Saturday, March 2, 2019

The Un-Importance of Book Cover Designs

John Williams' New York Times cover story How a Book Gets to the Perfect Cover: Here’s how designers get a concept from good to must-pick-up explains how the cover for Glen David Gold’s I Will Be Complete evolved. The memoir: 

"[...] is nearly 500 pages, and recounts his 20s, his college years and his event-filled youth after his mother moved to New York and left him, at 12, temporarily alone in her San Francisco apartment. The length of the book, and the amount of ground it covers, made the prospect of designing a cover for it “a little intimidating,” said Tyler Comrie, a senior designer at Knopf who was given the task.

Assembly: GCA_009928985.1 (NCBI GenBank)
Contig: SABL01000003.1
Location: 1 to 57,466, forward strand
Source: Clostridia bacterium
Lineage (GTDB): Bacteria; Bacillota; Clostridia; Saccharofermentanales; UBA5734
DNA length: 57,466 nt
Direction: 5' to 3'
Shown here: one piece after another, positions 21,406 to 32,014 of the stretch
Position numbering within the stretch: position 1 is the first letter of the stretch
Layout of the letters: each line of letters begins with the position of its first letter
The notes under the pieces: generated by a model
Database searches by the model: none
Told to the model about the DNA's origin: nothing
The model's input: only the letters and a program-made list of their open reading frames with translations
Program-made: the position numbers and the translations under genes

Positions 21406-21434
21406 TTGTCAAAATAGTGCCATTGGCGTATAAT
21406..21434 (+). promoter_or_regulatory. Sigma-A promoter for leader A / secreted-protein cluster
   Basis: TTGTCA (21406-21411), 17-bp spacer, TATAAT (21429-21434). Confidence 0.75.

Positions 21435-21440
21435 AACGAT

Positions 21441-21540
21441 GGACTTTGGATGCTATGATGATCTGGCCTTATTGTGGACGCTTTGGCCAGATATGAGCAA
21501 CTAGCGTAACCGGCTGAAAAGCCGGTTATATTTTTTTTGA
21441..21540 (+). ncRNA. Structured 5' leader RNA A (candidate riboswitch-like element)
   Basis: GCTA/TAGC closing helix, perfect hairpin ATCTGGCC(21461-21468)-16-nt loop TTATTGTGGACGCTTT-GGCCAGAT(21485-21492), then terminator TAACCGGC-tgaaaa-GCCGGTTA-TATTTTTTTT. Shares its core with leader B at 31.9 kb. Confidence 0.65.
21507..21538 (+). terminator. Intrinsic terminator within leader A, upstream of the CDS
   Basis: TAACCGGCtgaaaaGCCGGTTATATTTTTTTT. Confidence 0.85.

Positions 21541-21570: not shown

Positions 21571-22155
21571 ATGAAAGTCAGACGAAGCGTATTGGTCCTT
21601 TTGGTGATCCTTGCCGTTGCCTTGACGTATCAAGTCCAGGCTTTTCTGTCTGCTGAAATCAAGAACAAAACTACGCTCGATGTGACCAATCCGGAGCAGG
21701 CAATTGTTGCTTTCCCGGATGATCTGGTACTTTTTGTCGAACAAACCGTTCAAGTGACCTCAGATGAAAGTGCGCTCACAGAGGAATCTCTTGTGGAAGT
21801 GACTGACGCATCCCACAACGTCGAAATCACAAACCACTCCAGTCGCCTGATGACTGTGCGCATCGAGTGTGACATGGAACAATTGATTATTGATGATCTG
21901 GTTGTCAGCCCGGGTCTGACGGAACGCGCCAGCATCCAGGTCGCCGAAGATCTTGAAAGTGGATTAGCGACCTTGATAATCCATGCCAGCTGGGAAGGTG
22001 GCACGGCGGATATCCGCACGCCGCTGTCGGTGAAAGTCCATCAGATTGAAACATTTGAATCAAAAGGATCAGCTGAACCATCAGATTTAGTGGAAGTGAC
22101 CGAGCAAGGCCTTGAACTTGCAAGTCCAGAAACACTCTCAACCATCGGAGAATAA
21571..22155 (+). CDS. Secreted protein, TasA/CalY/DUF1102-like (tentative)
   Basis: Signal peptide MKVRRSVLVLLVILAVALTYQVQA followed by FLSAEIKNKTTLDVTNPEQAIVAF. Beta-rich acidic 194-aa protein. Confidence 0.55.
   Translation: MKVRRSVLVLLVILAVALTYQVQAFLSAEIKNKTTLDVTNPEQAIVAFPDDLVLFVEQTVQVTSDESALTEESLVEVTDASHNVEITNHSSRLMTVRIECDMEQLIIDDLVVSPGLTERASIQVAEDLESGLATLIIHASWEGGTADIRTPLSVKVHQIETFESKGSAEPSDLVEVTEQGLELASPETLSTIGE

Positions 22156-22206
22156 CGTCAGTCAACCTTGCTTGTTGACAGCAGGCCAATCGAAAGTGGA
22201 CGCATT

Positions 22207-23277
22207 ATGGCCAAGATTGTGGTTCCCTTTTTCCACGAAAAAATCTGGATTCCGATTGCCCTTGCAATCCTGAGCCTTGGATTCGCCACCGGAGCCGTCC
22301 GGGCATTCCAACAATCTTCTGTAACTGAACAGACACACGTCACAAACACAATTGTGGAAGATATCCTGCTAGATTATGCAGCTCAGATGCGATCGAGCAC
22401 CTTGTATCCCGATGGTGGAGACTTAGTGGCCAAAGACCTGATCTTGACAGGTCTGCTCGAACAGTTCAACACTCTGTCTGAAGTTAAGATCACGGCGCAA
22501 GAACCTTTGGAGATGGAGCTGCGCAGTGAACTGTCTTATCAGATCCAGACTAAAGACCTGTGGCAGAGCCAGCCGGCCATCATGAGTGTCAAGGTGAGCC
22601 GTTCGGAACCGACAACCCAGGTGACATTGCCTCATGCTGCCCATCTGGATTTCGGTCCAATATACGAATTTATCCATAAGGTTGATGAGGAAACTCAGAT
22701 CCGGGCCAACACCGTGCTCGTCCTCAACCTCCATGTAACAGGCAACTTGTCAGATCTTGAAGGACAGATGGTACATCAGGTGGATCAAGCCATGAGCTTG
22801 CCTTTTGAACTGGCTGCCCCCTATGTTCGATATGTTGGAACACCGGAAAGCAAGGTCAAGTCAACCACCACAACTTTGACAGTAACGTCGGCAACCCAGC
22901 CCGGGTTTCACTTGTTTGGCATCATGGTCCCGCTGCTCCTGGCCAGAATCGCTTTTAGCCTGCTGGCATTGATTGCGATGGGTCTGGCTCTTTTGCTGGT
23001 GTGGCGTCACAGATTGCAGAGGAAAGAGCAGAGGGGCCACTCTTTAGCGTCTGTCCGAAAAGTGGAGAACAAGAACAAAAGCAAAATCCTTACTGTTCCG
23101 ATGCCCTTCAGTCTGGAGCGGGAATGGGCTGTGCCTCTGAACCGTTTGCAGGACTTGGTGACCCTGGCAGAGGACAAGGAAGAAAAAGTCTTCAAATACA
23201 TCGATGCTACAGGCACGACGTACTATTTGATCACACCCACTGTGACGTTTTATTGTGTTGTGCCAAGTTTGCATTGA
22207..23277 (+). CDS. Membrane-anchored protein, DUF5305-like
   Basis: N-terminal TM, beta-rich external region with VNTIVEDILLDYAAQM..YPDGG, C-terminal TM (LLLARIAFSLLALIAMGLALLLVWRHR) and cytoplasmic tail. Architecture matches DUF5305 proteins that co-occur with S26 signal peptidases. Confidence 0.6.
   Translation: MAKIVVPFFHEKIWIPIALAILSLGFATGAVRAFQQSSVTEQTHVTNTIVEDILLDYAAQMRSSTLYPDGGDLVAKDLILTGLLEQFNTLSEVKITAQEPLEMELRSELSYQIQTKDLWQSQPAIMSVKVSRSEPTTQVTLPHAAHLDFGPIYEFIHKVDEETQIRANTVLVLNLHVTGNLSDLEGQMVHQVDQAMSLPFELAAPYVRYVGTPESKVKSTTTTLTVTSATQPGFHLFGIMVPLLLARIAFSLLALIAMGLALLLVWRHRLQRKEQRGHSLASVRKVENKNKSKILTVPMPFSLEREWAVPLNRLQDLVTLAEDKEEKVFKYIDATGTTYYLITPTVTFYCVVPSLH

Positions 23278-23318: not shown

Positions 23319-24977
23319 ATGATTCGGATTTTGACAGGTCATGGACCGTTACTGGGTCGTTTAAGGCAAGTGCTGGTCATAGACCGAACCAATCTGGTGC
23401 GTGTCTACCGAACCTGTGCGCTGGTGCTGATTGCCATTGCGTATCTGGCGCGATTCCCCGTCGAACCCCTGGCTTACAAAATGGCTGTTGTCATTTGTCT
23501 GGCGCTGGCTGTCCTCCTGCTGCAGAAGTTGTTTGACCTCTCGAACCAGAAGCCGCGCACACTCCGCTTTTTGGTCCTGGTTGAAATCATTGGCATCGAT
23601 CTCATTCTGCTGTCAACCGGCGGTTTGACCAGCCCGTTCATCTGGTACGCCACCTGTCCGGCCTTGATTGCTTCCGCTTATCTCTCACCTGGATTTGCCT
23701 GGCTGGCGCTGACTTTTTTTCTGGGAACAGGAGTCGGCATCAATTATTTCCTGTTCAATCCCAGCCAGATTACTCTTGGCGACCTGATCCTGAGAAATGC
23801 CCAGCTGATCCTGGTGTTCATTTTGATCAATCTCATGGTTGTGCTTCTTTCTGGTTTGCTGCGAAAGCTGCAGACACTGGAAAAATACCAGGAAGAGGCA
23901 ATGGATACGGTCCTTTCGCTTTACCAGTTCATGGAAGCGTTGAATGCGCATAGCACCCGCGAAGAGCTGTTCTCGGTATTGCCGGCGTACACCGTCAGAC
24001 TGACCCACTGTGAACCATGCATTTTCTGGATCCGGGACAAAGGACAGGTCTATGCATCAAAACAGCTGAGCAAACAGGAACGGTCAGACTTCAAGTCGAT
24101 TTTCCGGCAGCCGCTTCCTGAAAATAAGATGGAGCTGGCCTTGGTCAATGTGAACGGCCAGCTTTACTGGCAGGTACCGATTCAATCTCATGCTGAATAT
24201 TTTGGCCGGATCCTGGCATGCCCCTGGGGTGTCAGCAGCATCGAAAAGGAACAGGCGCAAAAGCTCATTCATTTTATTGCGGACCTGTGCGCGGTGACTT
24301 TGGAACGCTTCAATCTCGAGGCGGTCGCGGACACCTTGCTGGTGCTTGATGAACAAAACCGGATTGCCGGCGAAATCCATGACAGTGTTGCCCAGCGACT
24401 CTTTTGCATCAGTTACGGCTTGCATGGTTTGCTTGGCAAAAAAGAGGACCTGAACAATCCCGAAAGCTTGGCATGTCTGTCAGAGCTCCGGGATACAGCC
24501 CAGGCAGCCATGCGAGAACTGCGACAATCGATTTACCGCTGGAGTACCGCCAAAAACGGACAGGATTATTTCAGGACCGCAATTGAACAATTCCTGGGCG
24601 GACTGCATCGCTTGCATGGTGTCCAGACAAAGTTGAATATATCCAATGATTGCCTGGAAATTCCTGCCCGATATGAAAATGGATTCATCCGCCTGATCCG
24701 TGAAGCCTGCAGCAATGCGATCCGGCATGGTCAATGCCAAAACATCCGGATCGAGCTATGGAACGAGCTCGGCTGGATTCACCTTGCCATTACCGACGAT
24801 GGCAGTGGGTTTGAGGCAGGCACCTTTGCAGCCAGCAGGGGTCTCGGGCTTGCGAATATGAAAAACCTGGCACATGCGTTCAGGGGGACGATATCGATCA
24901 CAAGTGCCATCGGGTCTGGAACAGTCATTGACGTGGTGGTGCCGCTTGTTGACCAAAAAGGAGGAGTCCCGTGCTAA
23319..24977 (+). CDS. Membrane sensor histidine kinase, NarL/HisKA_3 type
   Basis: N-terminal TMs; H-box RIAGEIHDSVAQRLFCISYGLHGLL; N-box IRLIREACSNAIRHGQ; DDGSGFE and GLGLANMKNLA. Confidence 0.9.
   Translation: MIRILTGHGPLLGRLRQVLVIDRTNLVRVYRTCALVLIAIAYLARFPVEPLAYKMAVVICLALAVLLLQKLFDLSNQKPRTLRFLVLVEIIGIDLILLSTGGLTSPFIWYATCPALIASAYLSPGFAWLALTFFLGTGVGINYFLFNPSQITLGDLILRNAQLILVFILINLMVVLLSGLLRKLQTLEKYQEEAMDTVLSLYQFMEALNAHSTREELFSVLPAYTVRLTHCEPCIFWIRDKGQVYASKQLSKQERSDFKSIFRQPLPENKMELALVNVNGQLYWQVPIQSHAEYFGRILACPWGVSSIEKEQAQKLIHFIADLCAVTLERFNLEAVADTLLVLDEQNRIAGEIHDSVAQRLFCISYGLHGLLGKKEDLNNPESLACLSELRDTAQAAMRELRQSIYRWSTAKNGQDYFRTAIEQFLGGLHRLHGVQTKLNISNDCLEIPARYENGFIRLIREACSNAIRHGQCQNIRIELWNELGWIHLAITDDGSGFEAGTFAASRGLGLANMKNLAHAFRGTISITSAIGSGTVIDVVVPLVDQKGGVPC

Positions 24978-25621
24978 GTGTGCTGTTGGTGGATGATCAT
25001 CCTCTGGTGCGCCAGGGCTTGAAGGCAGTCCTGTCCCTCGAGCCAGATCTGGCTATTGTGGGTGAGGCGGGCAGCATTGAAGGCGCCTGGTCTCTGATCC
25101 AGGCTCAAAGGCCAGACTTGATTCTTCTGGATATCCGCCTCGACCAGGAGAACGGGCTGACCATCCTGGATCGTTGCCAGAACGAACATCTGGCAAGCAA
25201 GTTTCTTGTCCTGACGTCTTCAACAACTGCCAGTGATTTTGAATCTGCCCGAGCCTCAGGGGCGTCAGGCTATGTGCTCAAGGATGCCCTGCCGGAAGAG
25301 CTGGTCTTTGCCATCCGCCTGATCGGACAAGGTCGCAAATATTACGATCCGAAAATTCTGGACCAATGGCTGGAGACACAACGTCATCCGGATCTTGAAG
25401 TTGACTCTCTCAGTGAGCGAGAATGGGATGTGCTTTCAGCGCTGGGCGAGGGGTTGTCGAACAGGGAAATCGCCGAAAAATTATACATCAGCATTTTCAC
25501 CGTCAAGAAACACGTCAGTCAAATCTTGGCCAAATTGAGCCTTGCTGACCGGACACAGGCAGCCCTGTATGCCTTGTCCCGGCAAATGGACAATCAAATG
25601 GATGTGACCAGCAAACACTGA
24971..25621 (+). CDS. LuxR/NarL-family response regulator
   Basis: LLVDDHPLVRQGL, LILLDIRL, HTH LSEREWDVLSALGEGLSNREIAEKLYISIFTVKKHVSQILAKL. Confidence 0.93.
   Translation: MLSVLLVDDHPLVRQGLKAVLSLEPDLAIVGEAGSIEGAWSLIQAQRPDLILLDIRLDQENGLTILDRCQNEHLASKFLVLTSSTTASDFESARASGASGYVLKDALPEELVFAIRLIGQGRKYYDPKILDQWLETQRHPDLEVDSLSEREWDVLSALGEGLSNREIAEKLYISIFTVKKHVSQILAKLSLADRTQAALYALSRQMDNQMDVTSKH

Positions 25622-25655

“There’s a part in the book where Glen stumbles on a puberty chart, when he was 14 or so,” Comrie said. “This presented a perfect opportunity: Three different stages of his life, all tied together with this thing he finds in the book and causes a lot of self-reflection [...]


Figure 1: Three of Tyler Comrie's Drafts for I Will Be Complete

Tyler Comrie developed over three drafts (Figure: 1) for I Will Be Complete, but in the end, a work of abstract by Andrew Nilsen, a friend of the author, was chosen for the cover (Figure 2).

Figure 2: Andrew Nilsen Abstract and the Final Cover

Ultimately, the book's title and summary are going to help the reader make the ultimate decision to buy (and possible read) the book. An author, like Tim Ferris, can have a book cover design contest, but no matter how attractive the cover, (most) readers aren't going to read a book solely based on the book cover design.

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